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What will the Minnesota fire season bring?

We have only about six weeks or so until wildfire season starts in northern Minnesota; if the experience of the last two years — the two worst fires in the region since the 1800s — are a prelude, there could be some big blazes this spring and summer

We have only about six weeks or so until wildfire season starts in northern Minnesota; if the experience of the last two years — the two worst fires in the region since the 1800s — are a prelude, there could be some big blazes this spring and summer.

With that thought in the back of my mind, I participated in a wildfire symposium sponsored by the Joint Fire Science Program, U.S. Forest Service, National Interagency Fire Center and the American Society of Environmental History in Boise, Idaho, last week.

Also on hand were Jack Cohen, one of the country’s foremost fire scientists, and Steve Pyne, who has written more about fire history and historic fires than anyone.

These two guys — both began as firefighters — have been in the fire business long enough not to varnish their opinions. For example, Cohen noted that in 2003-2004, the government spent $587 million on fire suppression to protect structures, “which was more than the structures were worth.” The logic of that approach was not left hanging.

Cohen works out of Missoula, Mont., at the USFS Fire Sciences lab. He helped write an extensive report after the 1999 blowdown in the Boundary Waters Canoe Area Wilderness for the U.S. Forest Service.

Much of Cohen’s work is on “home ignitability.” Fire management has focused on controlling the blaze, rather than the compatibility of the structures to fire, he said. Fire-resistant building materials are one example of compatibility.

Cohen and Pyne, who is a professor at Arizona State, agree on the danger of cedar roofing shingles, which are now relatively uncommon in Minnesota but still in regular use in the West.

“We know convincingly that combustible roofing is lethal,” Pyne said dryly. “We’ve known that for approximately 10,000 years.”

One factor that stands out in wildland-urban-interface fire research is how often a home is set ablaze not by wooden shingles but by a stray broom under the deck, dry pine needles in the gutter, or plastic patio furniture cushions catching fire. “A home commonly burns after the main fire has passed by,” Cohen said.

Cohen promotes a prevention idea called the “home ignition zone.” He wants homeowners who live in wildfire-prone areas to carefully tend a 100-foot circle around their dwellings. This does not mean stripping all the vegetation down to the dirt and raking it like a baseball infield. But spaces in the coniferous canopy near a building will slow or divert a crown fire; brush, grasses, dead juniper, cedar and other dry vegetation should be kept away from a structure. “Rake the needles off the deck and from around the house,” he said.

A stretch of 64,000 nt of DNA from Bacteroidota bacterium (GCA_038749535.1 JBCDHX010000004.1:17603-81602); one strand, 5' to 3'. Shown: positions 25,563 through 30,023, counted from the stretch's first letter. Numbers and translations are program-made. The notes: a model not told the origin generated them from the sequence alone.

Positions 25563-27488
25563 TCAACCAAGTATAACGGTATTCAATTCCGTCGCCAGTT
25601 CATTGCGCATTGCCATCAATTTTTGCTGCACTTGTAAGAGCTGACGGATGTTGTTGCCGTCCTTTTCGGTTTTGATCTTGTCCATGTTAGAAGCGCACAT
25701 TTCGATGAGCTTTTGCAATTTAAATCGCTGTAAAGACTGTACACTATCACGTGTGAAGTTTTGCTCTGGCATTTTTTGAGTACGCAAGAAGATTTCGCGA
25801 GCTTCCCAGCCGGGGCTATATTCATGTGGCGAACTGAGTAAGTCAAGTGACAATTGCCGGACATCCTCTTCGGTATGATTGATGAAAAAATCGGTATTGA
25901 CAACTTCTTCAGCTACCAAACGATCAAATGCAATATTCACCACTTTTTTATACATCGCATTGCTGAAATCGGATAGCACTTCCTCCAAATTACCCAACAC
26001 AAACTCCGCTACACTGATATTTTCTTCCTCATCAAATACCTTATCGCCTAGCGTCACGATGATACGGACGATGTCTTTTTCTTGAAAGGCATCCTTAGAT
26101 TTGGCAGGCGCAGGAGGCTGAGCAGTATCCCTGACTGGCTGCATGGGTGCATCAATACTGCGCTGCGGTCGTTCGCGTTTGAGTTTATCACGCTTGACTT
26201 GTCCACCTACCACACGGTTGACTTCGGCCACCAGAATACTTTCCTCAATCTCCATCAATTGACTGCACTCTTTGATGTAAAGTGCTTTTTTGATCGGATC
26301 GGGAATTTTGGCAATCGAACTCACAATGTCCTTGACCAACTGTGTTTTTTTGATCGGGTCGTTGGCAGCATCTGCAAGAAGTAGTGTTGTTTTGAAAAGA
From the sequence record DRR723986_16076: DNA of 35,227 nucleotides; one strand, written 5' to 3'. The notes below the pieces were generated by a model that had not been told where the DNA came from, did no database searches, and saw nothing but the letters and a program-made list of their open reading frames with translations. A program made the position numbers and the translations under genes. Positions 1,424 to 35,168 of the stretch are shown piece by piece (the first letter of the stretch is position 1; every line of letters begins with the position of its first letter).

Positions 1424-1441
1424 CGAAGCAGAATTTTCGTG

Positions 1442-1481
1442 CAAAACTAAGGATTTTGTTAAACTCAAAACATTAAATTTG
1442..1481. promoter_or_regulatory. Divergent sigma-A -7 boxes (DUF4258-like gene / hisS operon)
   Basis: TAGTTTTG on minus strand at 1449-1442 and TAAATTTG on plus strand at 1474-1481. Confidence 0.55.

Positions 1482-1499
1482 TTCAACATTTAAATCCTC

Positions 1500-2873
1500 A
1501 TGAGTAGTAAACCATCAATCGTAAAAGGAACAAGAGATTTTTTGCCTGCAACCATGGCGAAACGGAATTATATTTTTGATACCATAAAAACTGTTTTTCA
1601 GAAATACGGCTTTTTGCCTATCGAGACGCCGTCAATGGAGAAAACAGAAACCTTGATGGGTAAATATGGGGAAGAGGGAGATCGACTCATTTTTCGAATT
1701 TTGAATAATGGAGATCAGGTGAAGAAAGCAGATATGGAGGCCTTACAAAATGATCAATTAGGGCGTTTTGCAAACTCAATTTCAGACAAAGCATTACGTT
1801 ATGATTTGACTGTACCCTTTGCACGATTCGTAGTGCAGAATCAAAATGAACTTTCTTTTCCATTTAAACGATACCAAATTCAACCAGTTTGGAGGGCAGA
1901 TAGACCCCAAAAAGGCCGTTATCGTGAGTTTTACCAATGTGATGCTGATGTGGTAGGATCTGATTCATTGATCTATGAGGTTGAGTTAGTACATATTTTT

And he hates balsam fir, America’s favorite Christmas tree but one that “burns like mad.” There’s a lot of balsam fir in northern Minnesota, he said, much of it planted by cabin owners too close to their dwellings. Aspen and birch have more fire resistance.

A sprinkler system often works, he said, but someone needs to be there to turn it on.

Which brought us to the issue of mandatory evacuation. Cohen and Pyne have strong feelings about that, too. “I can defend my house with a bazooka and an M-16, but not a garden hose and a rake?” Pyne asked.

One idea, now being tested in Australia, is called fighting the fire from the inside out. Assuming the house and the surrounding land are appropriately fire-resistant, a person rides out the intense period of the fire inside the home and then jumps outside to the hose and shovel to extinguish any burning embers that are left after the main fire has passed. “It’s only going to work if you have reduced the vulnerability of the house,” Cohen said.

One is tempted to say “don’t try this at home.”

Local law enforcement officials are commonly called on to evacuate a fire zone, and sometimes the evacuation is more dangerous than the fire, Pyne said.

Sometimes the expectations placed on firefighters are unreasonable. Bill Summers, now at George Mason University and a longtime federal fire official, put it this way: “The public has urban values living largely in wildland settings.” Cohen pointed out that a five-minute response time to an emergency call “when you are 10 miles up One-Road Canyon” is not possible.

Last May, the Ham Lake fire, near the Gunflint Trail, burned about 120 square miles in the United States and Canada over 14 days; there were no deaths and 11 injuries. About 140 structures burned, including 10 year-round homes.

In 2006, the Cavity Lake fire, also off the Gunflint, burned about 48 square miles, all on the U.S. side and all in the BWCA. Two firefighters were hurt. The cost of fighting the two fires was in the neighborhood of $20 million.

Ham Lake and Cavity Lake were the two largest BWCA fires ever, and the largest in the region since fire suppression became government policy in the 20th century. The Ham Lake fire was apparently started by a camper; Cavity Lake’s fire ignited by lightning.

In both cases crews were on the scene within several hours. Our current fire-protection system is based on real-time intervention, Cohen said, and fire protection resources are often overwhelmed. “Things are changing,” he added. “What is the appropriate response? What is the analysis of that response?”